Today's Opinions

  • Going With the Flo: Socialism is direct threat to our democracy

    By Flo Charles

    “Ask not what your country can do for you — ask what you can do for your country.” (John F. Kennedy) – a good president with addictive habits.

    Only his inner circle knew Kennedy was a serial womanizer.

    Jackie Kennedy considered divorce, but was convinced to remain. Being much loved by the people, she was vital to JFK’s presidential success; God used him with his flaws. (1 Samuel 16:7) “God looks on the heart; man looks on the outside.”

  • Roane Writers Group ends Student Writing Contest after nine years

    After nine years, the Roane Writers Group will no longer offer the Roane County Student Writing Contest.

    We wish to thank all of our past sponsors, donors, supporters, students, teachers and faculty who have made the program a success.

    All things must eventually come to an end, and we have arrived.

    The 2018 Anthology is currently being assembled, and will be distributed as planned.

  • THE VIEW FROM HERE: Free thinking, not blindly following is key to democracy

    By Sheila Sitzlar

    “Find more pleasure in intelligent dissent than in passive agreement, for, if you value intelligence as you should, the former implies a deeper agreement than the latter” Bertrand Russell, 1872-1970.

    Intelligent dissent indicates that people are thinking with their brains, not blindly following any designated leader or person in power.

  • Mr. Doughty use facts, not fiction to make your point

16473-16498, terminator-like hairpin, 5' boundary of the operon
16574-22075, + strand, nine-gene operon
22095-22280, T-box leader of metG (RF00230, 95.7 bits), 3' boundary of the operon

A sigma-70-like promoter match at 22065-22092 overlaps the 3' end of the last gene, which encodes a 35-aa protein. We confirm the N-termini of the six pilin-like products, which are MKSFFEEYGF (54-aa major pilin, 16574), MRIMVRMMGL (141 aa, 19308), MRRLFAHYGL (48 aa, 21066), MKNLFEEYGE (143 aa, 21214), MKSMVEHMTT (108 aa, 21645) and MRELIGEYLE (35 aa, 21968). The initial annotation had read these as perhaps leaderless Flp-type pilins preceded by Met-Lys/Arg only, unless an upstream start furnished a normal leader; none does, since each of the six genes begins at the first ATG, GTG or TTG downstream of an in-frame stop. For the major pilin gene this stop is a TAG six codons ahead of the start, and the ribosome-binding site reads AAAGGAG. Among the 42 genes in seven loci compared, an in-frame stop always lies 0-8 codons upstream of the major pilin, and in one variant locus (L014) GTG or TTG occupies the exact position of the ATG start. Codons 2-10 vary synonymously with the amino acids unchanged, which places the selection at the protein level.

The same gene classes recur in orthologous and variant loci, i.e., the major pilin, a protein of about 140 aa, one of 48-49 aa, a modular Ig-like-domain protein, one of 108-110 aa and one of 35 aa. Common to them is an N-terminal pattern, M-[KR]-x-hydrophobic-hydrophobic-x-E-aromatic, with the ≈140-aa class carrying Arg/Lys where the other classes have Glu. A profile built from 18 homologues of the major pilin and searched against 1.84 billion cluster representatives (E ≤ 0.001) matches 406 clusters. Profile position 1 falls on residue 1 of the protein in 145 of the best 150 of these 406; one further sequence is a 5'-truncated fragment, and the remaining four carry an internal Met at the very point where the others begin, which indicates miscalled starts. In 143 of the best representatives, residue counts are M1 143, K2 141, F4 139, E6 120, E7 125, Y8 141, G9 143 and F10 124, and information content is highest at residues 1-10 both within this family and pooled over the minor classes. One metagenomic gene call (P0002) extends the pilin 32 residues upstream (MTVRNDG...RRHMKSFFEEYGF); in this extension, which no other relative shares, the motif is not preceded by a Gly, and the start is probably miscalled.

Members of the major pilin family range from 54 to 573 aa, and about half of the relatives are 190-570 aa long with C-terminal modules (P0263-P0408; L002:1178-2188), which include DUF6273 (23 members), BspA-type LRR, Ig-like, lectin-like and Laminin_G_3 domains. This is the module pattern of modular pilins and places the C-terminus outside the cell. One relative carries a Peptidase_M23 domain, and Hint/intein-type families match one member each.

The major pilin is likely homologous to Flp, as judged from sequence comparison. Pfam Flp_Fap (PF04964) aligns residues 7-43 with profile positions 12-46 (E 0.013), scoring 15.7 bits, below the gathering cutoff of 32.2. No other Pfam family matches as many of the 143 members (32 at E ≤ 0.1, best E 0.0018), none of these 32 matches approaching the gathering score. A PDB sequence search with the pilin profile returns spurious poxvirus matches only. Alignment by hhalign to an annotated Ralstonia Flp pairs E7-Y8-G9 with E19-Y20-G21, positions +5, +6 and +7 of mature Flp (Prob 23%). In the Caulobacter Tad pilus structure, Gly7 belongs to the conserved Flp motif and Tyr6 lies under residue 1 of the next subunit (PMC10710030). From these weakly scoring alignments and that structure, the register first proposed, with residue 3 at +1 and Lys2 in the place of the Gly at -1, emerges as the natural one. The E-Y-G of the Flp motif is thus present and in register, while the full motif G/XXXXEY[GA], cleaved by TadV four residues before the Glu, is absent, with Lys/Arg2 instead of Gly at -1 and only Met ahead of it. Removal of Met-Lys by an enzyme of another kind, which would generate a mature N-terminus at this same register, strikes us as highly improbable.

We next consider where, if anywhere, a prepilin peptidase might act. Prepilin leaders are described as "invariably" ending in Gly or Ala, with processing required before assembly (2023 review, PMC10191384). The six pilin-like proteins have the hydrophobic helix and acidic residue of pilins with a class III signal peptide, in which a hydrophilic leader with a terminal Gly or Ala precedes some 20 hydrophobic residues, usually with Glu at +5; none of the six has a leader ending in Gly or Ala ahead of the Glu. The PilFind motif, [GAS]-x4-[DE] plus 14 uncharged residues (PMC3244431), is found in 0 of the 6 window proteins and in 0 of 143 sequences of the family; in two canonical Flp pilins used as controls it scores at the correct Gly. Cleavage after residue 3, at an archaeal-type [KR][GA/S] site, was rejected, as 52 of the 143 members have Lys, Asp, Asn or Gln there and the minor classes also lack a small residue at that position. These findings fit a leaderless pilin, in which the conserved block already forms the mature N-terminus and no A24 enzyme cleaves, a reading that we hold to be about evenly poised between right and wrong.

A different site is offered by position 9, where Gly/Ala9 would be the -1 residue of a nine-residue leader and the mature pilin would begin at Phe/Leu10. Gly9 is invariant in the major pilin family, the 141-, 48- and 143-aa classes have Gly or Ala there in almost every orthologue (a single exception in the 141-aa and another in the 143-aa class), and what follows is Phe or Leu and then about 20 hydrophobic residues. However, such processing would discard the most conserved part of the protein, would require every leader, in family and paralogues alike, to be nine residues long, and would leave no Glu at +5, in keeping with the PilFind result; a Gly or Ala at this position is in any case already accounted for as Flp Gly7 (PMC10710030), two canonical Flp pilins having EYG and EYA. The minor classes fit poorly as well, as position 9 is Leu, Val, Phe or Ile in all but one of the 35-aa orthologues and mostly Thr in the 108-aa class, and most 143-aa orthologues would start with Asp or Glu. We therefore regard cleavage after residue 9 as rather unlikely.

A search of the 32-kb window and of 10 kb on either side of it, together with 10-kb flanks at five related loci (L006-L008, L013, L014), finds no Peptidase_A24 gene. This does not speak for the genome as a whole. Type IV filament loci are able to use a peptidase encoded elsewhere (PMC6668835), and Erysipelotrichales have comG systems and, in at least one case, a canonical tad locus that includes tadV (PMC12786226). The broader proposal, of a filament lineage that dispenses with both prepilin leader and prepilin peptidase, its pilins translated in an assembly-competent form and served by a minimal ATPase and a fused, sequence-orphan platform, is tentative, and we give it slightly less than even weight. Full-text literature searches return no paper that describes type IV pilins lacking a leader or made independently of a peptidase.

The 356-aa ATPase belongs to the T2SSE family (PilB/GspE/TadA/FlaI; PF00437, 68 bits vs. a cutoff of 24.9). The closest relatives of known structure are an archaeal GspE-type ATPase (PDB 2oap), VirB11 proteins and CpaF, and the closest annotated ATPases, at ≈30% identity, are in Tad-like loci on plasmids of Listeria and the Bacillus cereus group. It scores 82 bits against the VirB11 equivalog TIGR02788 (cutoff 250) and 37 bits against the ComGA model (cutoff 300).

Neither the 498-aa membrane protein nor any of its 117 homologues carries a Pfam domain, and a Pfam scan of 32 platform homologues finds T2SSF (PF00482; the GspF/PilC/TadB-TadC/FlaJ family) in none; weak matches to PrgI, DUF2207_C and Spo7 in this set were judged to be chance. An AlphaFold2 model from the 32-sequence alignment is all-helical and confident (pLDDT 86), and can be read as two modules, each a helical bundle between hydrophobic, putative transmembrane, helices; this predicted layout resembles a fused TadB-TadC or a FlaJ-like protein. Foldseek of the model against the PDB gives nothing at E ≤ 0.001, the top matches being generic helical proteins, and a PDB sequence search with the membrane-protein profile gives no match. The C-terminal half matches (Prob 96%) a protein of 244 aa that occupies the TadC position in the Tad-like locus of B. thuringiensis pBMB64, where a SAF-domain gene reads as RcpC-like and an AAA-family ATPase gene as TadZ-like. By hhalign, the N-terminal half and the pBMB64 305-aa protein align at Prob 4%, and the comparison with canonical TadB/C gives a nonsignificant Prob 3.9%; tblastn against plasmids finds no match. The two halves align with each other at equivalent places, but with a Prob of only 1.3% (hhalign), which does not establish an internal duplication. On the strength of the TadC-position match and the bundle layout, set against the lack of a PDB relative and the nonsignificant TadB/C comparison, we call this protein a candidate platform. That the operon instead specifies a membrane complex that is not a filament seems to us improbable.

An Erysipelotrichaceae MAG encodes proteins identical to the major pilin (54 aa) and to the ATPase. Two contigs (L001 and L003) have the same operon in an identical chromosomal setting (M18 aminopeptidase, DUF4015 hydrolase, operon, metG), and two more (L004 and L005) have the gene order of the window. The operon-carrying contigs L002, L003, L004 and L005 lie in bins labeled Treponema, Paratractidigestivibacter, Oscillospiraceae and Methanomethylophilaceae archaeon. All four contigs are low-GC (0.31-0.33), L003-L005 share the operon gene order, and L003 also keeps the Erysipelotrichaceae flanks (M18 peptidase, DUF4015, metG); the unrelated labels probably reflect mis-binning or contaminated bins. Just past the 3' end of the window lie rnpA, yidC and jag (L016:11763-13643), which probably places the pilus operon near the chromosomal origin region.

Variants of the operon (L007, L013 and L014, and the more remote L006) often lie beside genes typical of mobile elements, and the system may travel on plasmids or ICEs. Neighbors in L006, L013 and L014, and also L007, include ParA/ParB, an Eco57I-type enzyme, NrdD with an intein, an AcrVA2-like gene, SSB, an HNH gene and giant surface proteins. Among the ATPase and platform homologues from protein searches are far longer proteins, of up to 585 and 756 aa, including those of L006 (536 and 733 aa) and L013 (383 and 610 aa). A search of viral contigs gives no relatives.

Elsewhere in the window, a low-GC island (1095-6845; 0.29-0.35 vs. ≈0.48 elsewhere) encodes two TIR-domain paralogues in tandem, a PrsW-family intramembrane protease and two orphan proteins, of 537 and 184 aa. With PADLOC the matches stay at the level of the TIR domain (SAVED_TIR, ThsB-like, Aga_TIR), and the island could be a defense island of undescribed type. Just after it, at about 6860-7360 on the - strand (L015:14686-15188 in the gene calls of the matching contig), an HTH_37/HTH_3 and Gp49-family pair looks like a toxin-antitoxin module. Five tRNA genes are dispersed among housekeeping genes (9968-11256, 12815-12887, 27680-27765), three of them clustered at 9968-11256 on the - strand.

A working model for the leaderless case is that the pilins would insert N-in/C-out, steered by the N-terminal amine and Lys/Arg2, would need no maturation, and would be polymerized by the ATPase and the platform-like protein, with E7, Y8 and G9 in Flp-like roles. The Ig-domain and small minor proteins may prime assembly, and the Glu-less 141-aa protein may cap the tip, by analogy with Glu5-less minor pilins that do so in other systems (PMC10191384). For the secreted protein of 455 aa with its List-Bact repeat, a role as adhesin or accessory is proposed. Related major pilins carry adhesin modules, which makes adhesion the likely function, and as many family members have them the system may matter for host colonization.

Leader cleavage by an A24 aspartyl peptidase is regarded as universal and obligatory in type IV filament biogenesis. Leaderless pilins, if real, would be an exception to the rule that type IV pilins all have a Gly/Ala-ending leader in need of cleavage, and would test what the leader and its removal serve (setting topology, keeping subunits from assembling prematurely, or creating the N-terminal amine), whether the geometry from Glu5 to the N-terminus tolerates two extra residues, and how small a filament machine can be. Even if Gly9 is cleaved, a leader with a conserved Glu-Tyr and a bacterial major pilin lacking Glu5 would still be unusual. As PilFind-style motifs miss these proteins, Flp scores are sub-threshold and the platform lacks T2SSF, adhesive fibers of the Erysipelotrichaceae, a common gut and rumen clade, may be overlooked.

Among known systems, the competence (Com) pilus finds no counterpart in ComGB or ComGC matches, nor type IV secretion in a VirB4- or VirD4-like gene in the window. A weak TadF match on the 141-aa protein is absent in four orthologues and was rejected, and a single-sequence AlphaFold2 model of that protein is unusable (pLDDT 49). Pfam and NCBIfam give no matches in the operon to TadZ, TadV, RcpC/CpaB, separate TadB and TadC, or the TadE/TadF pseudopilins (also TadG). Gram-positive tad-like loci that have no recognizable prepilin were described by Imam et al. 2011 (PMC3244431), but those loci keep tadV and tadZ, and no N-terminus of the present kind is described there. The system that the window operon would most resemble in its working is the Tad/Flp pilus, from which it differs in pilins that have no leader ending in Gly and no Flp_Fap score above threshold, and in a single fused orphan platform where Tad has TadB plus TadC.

When I was young I started reading the newspapers. It has been a habit most of my life.

    I like reading the opinion columns and the letters. I like to see what people are thinking about. But it is very irritating when people make up facts for the opinion column or letters they send in.

    First, Mr. Doughty, the people that were elected to the Roane County Board of Education and the Roane County Commission made clear how they felt about the school consolidation issue before the election.

  • A View From Lick Skillet: Remember - vote against wheel tax referendum

    As you know, Gentle Reader, the election is upon us, and we would urge you that you not forget to search through the maze of voting opportunities: Federal (Senator and U.S. House of Representatives), State (Governor and Tennessee House of Representatives), and Municipal (Kingston, Oak Ridge, Oliver Springs and Rockwood), until you find the one captioned “County Wheel Tax Referendum.”

  • Going With the Flo: We must participate in our government or lose it

    Many of you have spoken to me about the encouragement my articles have given you, helping you to know that you are not alone in your thoughts and feelings.

    However, I’m sorry that my conservative, Biblical and Constitutional references from my research have offended others — interpreting them as personal attacks, which isn’t my intention!

    We are at a point in our country where we must stop being a spectator and start being a participant in the functioning of our government, or lose it!

  • Rockwood 2000 forum presented new ideas to see Rockwood thrive

    Rockwood 2000 Organization hosted a Q&A community gathering for several candidates.

    Heading up the hour was an informative presentation by Tennessee Governor hopeful, Karl Dean.

    The 31st House District candidate, Dean Sparks spoke passionately about the need for higher wages and improved infrastructure within our communities.

    Those running for Rockwood City Council shared their views on topics that centered around how to improve the appearance and solvency of their town.

  • Glimpses From a Teacher Historian: All Americans dislike politics

    By Mark Banker

    Even in our polarized times, Americans of all persuasions share a disgust for politics.

    This loathing is rooted in experiences with power that few could have imagined and that selective popular memories often misrepresent.

    Because Great Britain neglected her North American colonies for a century and a half, forebears of our nation’s historic Caucasian majority developed a preference for distant, benign power.